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Cuts would force 13 Utah liquor stores to close
This is an archived article that was published on sltrib.com in 2011, and information in the article may be outdated. It is provided only for personal research purposes and may not be reprinted.

State lawmakers, if their proposed $2.5 million in cuts hold up in the budgeting process, would force liquor-control commissioners to close up to 13 stores in Utah, costing nearly 150 mostly part-time employees their jobs.

Hours at the state's largest liquor stores would be cut be cut as well, with closings at 7 p.m. or 8 p.m., rather than the current 10 p.m.

Five state stores on the proposed hit list are in Salt Lake City, South Salt Lake, Orem, Provo and St. George. Each outlet rings up annual profits of at least $1 million, and their combined sales totaled more than $18.4 million in 2010.

In addition, privately run liquor stores in mostly rural areas would close in Spanish Fork, Springville, Midvale, Parowan, Gunnison, Helper, Richmond and Eureka.

Budget cuts for the Department of Alcoholic Beverage Control, part of cost-saving efforts statewide, were generated from recommendations by legislative auditors and analysts.

Liquor-control commissioners have yet to finalize the list, but last month when the board approved closing the Salt Lake City store on April 1, commission Chairman Sam Granato cast the only no vote.

"I am against closing any profitable business, especially in today's economy," said Granato, noting that the department and its operations generate $100 million for the state annually. "It doesn't make good economic sense to close these businesses and put people out of work. We need to find better solutions because what we're doing isn't based on sound business principles."

Granato's actions — he opposed closings last year, as well — may be behind legislation this session that would require the chairman to be appointed by the governor with Senate approval. Fellow liquor commissioners now elect one of their own to the post.

State Senate President Michael Waddoups, R-Taylorsville, has said that every agency must make cuts to make up for state revenue shortfalls, including the liquor department

Despite record profits, lawmakers have ordered the department to cut its budget by $1.6 million over the past two years. Legislative analysts said that this next fiscal year, it's possible to lop off nearly twice that amount.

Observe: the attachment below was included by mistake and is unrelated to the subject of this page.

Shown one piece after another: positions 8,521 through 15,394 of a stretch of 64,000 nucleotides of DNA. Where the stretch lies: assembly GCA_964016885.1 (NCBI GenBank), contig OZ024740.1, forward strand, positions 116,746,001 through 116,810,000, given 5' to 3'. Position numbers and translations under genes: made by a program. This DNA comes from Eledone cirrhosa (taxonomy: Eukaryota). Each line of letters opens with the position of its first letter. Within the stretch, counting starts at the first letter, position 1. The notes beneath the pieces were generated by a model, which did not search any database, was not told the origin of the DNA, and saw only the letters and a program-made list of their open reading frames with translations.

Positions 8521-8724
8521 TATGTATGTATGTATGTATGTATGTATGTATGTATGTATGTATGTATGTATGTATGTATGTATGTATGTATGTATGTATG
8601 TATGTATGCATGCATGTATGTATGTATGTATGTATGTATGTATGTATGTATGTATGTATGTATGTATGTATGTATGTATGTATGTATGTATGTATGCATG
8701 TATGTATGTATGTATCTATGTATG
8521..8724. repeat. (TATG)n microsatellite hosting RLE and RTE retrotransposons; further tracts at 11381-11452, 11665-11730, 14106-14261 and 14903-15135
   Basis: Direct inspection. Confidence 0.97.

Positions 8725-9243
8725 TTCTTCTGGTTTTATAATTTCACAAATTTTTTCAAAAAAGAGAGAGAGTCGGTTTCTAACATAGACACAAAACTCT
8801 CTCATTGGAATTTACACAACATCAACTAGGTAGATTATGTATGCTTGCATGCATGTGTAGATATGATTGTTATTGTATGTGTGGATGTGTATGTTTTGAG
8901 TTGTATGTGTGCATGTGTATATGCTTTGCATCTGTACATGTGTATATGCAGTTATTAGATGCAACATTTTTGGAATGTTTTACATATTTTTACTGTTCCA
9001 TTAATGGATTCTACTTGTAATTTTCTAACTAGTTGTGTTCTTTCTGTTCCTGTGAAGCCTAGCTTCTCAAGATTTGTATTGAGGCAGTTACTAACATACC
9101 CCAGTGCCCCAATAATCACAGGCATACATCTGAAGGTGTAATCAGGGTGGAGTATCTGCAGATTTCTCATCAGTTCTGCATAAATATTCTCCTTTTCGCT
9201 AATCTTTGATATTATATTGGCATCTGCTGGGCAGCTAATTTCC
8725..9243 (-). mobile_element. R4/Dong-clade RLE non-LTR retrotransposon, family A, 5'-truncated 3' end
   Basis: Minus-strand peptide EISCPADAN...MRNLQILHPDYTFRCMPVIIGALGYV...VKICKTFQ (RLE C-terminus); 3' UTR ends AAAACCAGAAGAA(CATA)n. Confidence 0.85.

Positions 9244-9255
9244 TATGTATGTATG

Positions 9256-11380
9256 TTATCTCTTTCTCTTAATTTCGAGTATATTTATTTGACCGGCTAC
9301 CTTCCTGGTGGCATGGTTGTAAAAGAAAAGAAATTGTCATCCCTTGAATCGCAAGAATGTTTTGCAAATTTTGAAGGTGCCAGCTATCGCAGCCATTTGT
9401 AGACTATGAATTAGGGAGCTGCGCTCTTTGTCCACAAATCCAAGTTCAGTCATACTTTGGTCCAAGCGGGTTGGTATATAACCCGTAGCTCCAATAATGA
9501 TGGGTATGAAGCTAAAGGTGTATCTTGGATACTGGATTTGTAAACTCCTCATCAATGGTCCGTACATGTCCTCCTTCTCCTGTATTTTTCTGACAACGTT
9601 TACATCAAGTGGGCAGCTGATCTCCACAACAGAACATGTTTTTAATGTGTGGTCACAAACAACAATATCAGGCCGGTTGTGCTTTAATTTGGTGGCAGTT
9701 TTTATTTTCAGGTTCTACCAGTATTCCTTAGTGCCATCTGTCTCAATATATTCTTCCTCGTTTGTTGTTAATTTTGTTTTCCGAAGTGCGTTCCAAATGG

To achieve savings last year, doors at the state's 20 largest liquor stores opened an hour later, with hours of operation at most running from 11 a.m. to 10 p.m. An option this time around would be to operate stores for only eight hours a day, 11 a.m. to 7 p.m. or noon to 8 p.m.

Legislative analysts said that if stores were closed in areas with multiple outlets, consumers could pick up liquor at neighboring stores. But that move has been met with opposition from municipalities. Local officials have complained that boarded-up store fronts lead to urban blight and embolden criminals.

This year's proposed cuts could become effective July 1, the start of the new fiscal year, said Vickie Ashby, spokeswoman for the Utah Department of Alcoholic Beverage Control. The store on Main Street in Salt Lake City, however, will close April 1 because the department could find no additional funding from the Legislature to keep it open for during the remainder of this fiscal year.

dawn@sltrib.com

Targeted liquor stores and their 2010 sales

State stores

Salt Lake City • 1457 S. Main St., sales $3 million

South Salt Lake • 63 E. Miller Ave., sales $2.5 million

Orem • 1688 N. State St., sales $3.7 million

Provo • 166 S. Freedom Ave., sales $6 million

St. George • 929 W. Sunset St., sales $3.2 million

Privately run stores

Spanish Fork • 51 W. 100 North, sales $606,000.

Springville • 685 S. Main St., sales $790,000.

Midvale • 7598 S. Main St., sales $516,000

Parowan • 60 E. Center St., sales $305,000.

Gunnison • 95 S. Main St., sales $133,000.

Helper • 68 S. Main St., sales $196,000.

Richmond • 16 W. Main St., sales $91,000.

Eureka • 348 E. Main St., sales $82,000.

Source: Utah Department of Alcoholic Beverage Control

Legislature • 150 mostly part-time workers would be out of jobs.
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